With many Delaware teachers now working Bell to Bell as the DSEA attempts to make a point about the inequity of across-the-board State employee pay cuts, the blog and public reactions are mixed:
Dana stands with the teachers at Delaware Watch.
The mostly anonymous commenters at Fix Red Clay mostly think the teachers have pretty good jobs and are acting like spoiled brats.
There is no party line at Delawareliberal: some for, some against, some confused.
It is interesting to see many supposedly pro-union folks (with Dana as a notable exception) suddenly willing to throw the DSEA under the school bus, and who mouth the narrative so easily: Things are tough all over, you ingrates. Other people have had to take pay cuts. Man up, you wimps. [I'm sort of channeling my inner jason here.]
What is truly intriguing about this situation is the absence of any real consideration of the morality of the situation.
For example, the operative moral impulse here is, Treating employees like shit in the private sector justifies treating employees like shit in the public sector.
There's also, If my health insurance either got cut or is too expensive in the private sector, then it is OK to jack up the price of yours by 50%.
Or there's It is perfectly OK to demand the same amount of work (including extra hours and extra effort worked) for 10-12% less money, even though you had a contract, because things are tough all over.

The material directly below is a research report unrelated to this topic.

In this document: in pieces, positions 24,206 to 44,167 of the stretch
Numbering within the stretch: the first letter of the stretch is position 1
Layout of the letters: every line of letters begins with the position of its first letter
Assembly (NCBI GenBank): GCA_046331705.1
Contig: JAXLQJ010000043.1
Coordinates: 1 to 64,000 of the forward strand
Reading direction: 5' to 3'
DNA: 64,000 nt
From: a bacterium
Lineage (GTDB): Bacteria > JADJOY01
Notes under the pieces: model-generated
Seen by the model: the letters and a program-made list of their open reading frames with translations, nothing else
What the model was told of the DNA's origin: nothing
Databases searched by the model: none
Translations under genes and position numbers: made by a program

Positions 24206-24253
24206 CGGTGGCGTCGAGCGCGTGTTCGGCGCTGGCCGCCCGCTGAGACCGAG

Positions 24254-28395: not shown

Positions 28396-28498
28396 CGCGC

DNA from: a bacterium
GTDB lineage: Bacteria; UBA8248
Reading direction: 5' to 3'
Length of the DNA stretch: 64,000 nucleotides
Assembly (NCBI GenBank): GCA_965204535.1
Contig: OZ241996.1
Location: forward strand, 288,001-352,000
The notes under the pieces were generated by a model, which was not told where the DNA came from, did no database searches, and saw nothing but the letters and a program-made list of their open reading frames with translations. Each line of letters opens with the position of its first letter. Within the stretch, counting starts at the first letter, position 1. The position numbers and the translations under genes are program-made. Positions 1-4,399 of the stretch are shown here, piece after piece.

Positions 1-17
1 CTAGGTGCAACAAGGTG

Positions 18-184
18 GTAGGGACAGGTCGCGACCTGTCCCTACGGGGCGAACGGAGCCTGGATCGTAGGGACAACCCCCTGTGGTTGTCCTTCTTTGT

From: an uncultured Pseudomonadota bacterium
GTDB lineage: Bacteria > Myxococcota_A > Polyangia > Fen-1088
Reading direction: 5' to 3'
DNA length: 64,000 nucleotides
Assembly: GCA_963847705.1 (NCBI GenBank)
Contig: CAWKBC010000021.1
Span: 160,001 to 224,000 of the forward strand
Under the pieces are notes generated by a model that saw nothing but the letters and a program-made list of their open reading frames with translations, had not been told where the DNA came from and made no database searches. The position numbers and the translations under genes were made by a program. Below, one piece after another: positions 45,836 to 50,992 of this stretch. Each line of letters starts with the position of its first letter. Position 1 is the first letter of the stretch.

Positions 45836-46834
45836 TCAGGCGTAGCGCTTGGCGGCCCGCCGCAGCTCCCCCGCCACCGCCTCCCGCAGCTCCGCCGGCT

Notice the position that the government puts you into: the Governor has told the citizens of Delaware that they can balance the budget by accepting a few minor tax increases and an across-the-board salary/benefits cut for State employees.
No pain, right?
On the other hand, here's the DSEA position: We got out the vote for you, which should have given us insurance against any significant pay cuts. What gives?
What's also interesting is the wounded virgin played by the Governor and General Assembly: We had absolutely no idea it was going to get this bad. We're just trying to survive a horrible situation with State services [and gambling] intact.
Amazing, isn't it? These are the people who either supervised Delaware's finances, wrote the tax laws, and expanded government personnel dramatically over the past eight years, and suddenly, suddenly .... they're surprised!
But could we think about different ways of doing things? Could we examine the idea that maybe, just maybe the closed doors of the Big Head Committee, the spending habits of the government and the school districts could use a little ... transparency?